After looking over the two transmissions, he took the necessary parts off of the old one and put them on the new one. That simplified everything for me! That was definitely a clear answer to my prayer!
That night I got on the bus once again, hopefully for my last twelve-hour trip to the East. I noticed that the driver was the same one from the previous night so I greeted him. At 3am we stopped for “breakfast” and the driver, Adam, invited me to eat with him. I learned that he was from the village where the first mechanic had looked at our car.
When I arrived at the repair shop, the mechanic looked pleased with what I’d brought. “OK, I’ll get to work on this. It will take me two days to get it back together.”
So for two days we stayed with our widow lady friend, a chance to see local culture from the inside out. She, as a good Muslim was, of course, fasting, which meant no food or water from sun up (5am) to sundown (8pm). But she did give us food and drinks during the day, although she slept most of the time herself.
Every night at 3 am a drummer would come through the neighborhood to make sure that everyone got up to make breakfast before sunrise. Our nights were short with broken sleep.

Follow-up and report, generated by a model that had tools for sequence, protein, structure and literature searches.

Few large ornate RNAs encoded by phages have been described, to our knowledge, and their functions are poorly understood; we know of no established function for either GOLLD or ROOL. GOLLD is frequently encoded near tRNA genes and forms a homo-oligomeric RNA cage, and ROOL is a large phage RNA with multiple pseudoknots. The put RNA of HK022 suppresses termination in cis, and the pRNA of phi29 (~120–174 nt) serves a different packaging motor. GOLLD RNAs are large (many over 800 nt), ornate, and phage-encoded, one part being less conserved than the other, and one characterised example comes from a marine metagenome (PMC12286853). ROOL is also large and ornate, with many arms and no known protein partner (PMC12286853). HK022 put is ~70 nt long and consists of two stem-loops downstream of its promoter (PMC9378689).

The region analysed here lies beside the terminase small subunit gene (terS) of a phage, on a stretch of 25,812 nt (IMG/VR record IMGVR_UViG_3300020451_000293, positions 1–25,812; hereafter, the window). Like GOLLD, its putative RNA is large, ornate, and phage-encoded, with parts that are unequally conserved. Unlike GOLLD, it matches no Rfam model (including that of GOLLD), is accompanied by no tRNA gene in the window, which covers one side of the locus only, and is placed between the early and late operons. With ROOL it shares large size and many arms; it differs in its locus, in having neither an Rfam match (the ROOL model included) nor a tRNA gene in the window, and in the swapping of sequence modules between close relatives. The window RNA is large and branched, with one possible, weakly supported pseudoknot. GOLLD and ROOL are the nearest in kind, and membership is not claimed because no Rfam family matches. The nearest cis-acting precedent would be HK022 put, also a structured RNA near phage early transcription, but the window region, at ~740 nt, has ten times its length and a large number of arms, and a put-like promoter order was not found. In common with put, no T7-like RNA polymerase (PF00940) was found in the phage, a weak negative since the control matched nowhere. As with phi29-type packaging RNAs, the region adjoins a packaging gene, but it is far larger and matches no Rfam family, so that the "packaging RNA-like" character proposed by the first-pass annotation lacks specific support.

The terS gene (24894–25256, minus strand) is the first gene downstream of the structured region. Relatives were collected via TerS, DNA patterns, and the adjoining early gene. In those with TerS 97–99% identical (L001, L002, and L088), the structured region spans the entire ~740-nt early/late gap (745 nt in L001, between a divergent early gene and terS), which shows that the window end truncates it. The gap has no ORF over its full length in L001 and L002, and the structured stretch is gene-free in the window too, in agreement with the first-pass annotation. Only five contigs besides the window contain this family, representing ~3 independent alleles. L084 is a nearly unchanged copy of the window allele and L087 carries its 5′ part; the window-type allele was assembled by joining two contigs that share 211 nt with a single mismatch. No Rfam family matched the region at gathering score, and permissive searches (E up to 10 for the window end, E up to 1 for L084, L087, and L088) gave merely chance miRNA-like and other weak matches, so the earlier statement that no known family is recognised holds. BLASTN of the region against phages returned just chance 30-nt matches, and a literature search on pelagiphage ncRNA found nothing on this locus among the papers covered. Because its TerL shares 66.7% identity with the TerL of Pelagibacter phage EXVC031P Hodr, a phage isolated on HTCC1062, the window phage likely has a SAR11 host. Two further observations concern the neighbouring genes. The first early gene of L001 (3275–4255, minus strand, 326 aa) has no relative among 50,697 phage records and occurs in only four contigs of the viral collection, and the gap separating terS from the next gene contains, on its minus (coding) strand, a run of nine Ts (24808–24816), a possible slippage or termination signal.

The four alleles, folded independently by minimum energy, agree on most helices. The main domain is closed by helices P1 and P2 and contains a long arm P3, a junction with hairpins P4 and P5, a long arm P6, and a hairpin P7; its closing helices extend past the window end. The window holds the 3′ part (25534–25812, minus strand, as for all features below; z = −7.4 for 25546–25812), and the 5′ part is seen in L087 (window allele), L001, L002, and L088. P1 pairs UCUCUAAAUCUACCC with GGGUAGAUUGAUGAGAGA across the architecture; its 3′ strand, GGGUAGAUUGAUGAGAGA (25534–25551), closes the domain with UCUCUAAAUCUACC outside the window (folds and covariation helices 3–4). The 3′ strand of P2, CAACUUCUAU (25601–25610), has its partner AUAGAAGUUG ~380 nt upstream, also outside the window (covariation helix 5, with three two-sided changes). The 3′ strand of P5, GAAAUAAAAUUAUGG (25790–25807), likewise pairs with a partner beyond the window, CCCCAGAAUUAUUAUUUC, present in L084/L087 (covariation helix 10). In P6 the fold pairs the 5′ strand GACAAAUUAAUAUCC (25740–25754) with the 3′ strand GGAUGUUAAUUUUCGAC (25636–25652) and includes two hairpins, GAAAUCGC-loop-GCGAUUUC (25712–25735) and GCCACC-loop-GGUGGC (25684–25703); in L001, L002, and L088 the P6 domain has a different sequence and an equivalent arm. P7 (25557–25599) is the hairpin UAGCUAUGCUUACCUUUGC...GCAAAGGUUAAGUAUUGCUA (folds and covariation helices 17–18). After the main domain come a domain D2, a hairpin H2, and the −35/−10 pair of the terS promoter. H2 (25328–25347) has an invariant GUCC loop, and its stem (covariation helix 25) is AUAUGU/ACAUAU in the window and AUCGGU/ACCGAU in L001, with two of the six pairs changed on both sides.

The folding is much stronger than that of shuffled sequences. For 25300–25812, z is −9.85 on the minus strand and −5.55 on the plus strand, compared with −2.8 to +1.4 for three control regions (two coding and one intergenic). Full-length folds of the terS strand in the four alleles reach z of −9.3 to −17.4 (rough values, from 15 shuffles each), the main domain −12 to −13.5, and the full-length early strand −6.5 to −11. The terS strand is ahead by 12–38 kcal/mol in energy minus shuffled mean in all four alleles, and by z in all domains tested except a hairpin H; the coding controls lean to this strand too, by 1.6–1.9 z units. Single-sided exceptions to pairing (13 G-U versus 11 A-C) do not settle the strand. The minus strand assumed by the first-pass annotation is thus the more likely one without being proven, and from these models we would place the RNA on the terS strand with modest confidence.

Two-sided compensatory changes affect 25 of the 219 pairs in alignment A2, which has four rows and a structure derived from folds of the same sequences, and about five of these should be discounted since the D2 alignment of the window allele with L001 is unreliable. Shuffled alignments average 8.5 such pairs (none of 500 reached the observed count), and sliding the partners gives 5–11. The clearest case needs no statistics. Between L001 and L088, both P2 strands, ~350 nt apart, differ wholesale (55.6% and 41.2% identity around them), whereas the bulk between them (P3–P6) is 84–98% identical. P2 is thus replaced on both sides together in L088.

There was nowhere to wash, and there was no running water most of the time. I was so sweaty that I longed for a shower, so one afternoon I took one tea cup of drinking water, went into the “squat toilet,” stripped down and very slowly poured that water over myself. Ah, the refreshment of washing off all that sweat! I had never appreciated a shower so much!
The next day I went downtown by city bus. A villager got on, an elderly man. He sat across from me and stared. Then he got up, came over and gave me a very close and careful inspection, with his face about two inches from mine.
I greeted him in the local language and he jumped back. His expression said, “It talks!” He had never seen a foreigner before and reacted as if he were confronted with some strange animal. That helped me to understand how far from western influence we were. We did have a nice chat after he grasped that I could speak his language.
When the car was finally ready, we went with our widow lady into town, picked up her refrigerator from a repair shop and brought it home for her. It was the least we could do after her wonderful hospitality. Then we set out for home, not knowing the amazing God sighting about to occur.
Picture: the bus driver, Adnan and myself